Hey everyone. I am an Engine Man through and through, and I am glad to be in this group but we need to start some discussion here!!
I have been reading articles and talking a lot about the Positive Pressure Ventillation/Positive Pressure Attack concept. I am an old school firefighter...grab the hose, stretch it to the seat of the fire, and as the hose team opens up the ventilation team pops windows and cuts holes. If everyone does their jobs than it does an efficient job of extinguishing the fire. Now you have the PPV concept...Thats all fine and good but from what I understood you need total control of ALL openings to control the air flow and the direction of ventilation. If any other opening is made than the fire will be "Pushed" towords this new opening, and I dont know about you guys/gals, but If Im the poor SOB caught between this new opening and the rapidly spreading fire, It will turn my day bad in a hurry. Im just not impressed with this tactic. Whats everyone elses views on this topic?
Moose

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Replies to This Discussion

I was tought go in hit the ceiling with a fog pattern,then kick ash on the seat of the fire using a circular motion and the sweep from side to side.As far as venting goes cut the 4by4 holes in the roof to vent the fire,smoke.And pop the windows if you need to.I seen a newer method on the discovery channel the other night its called 3D fire fighting.you go in hit the ceiling with a fog pattern using small quick spurts of water.This is designed to disipate the smoke.And it also helps to vent the fire.You do this for a few mi utes and then go for the throat of the fire.
Thats just the indirect attack though, isnt it? You hit the ceiling with fog and the steam blankets the seat of the fire smothering it. Thats an effective tactic also, used to cool the fire down so you can reach the seat and put her to bed. What show did you see the firefighting stuff on?

Moose
No. It's different than that. There's a whole thing about it. Here's a bit -- http://www.firetactics.com/3D_Firefighting.htm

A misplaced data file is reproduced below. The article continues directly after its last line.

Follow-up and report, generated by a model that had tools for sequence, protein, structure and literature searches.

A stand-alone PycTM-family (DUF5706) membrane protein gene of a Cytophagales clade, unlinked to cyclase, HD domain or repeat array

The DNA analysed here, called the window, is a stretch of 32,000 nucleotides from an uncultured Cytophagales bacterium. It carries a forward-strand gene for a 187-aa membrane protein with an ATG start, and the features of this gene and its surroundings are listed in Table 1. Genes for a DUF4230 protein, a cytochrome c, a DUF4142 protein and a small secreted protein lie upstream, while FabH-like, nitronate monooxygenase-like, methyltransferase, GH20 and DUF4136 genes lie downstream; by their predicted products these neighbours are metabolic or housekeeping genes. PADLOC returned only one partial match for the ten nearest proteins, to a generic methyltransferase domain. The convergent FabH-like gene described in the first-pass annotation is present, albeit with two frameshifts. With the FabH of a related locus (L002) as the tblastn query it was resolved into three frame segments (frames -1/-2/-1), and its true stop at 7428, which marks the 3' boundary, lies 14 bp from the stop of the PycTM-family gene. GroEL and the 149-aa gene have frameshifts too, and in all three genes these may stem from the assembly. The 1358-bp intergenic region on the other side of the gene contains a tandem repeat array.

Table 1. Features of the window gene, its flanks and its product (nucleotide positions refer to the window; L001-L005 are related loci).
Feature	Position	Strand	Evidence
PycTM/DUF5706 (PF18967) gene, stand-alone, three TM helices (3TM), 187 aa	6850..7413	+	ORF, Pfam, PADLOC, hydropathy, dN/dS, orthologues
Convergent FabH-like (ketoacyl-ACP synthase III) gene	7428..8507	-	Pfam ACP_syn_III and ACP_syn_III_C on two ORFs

The way I understand it, this technique doesn't work as well in the U.S. as it does in Europe because of building construction. Most fires, at least in the UK, are contents only without structural involvement because the structure is cement (courtesy of the Nazi urban renewal program in 1941).

There's also a special nozzle that allows pencilling without beating the hell out of the pump.

Back to PPV. I've been told that it requires constant training to prevent the situation you described. You can't run the company through it once a year and then do it successfully. On the other hand, I've never done it, so I don't know anything about it.
Here we go again.. lol .. Not to take away anything from either side of da fence.. But lets look at a couple of things 1st, Building construction... There is a bit of differance between a New England balloon frame 3 or 4 decker, ( or any balloon frame) and say, a south florida "Compartment" or concrete construction , or as was mentioned many of the "euro dwellings" ... Obviously.. PPV is sworn by as the be all end all , but this depends on yourresponse area too.. Setting up PPV in a balloon frame is asking to aid in neighborhood redevelopment agencies in my neck of the woods... But in a vault like set up, would definately allow closer access....

also For "us" the use of smooth bore nozzles Kick ash, while if you were attacking a fire in an "vault" chances are you would do more and safer for you if you use an indirect method, if not the Navy method of using fog /steam to extinguish compartment fires. In certain situations one works better then the other and thats why we use / have access tomultiple methods of attack. Its not much differant, then foam nozzle methods of delivery, it depnds on what the situation is thats in front of your face.. do you lob it in? or deflect the foam in? or does the situation/require you to just flow and overtake it in? Ventilation is an important tool, and means of doing the task, vary because of construction, conditions, and other "stuff" .. PPV just like mechanical , hydralic, Horizontal , and vertical ventilation are just some of the ways to best accomlish the task at hand, and that is containment and extinguishment...


Like you guys have stated, I am old school, I've done outside vent operations, been on enough rooves and even trapped on a few, I've also stretched into the seat of the fire Once or twice (lol) in 32 years of doing this stuff

I have seen "other local departments" jump on the PPV train because "they read PPV was the end all be all, saving lives and roof dangers" and watched them all burn down various buildings,,, I have been an advocate for many years now ,of IF the FD "intervention" costs many lost man hours and more damage (ultimately) then if NOTHING had been done ie: loosing exposures, when if the fire was left to just free burn.. without potential exposure loss... lol then why are we out there for 16 hours??? lol

anyway, PPV does have its place. and as long as that place ISN'T on my job then all is good.. :)

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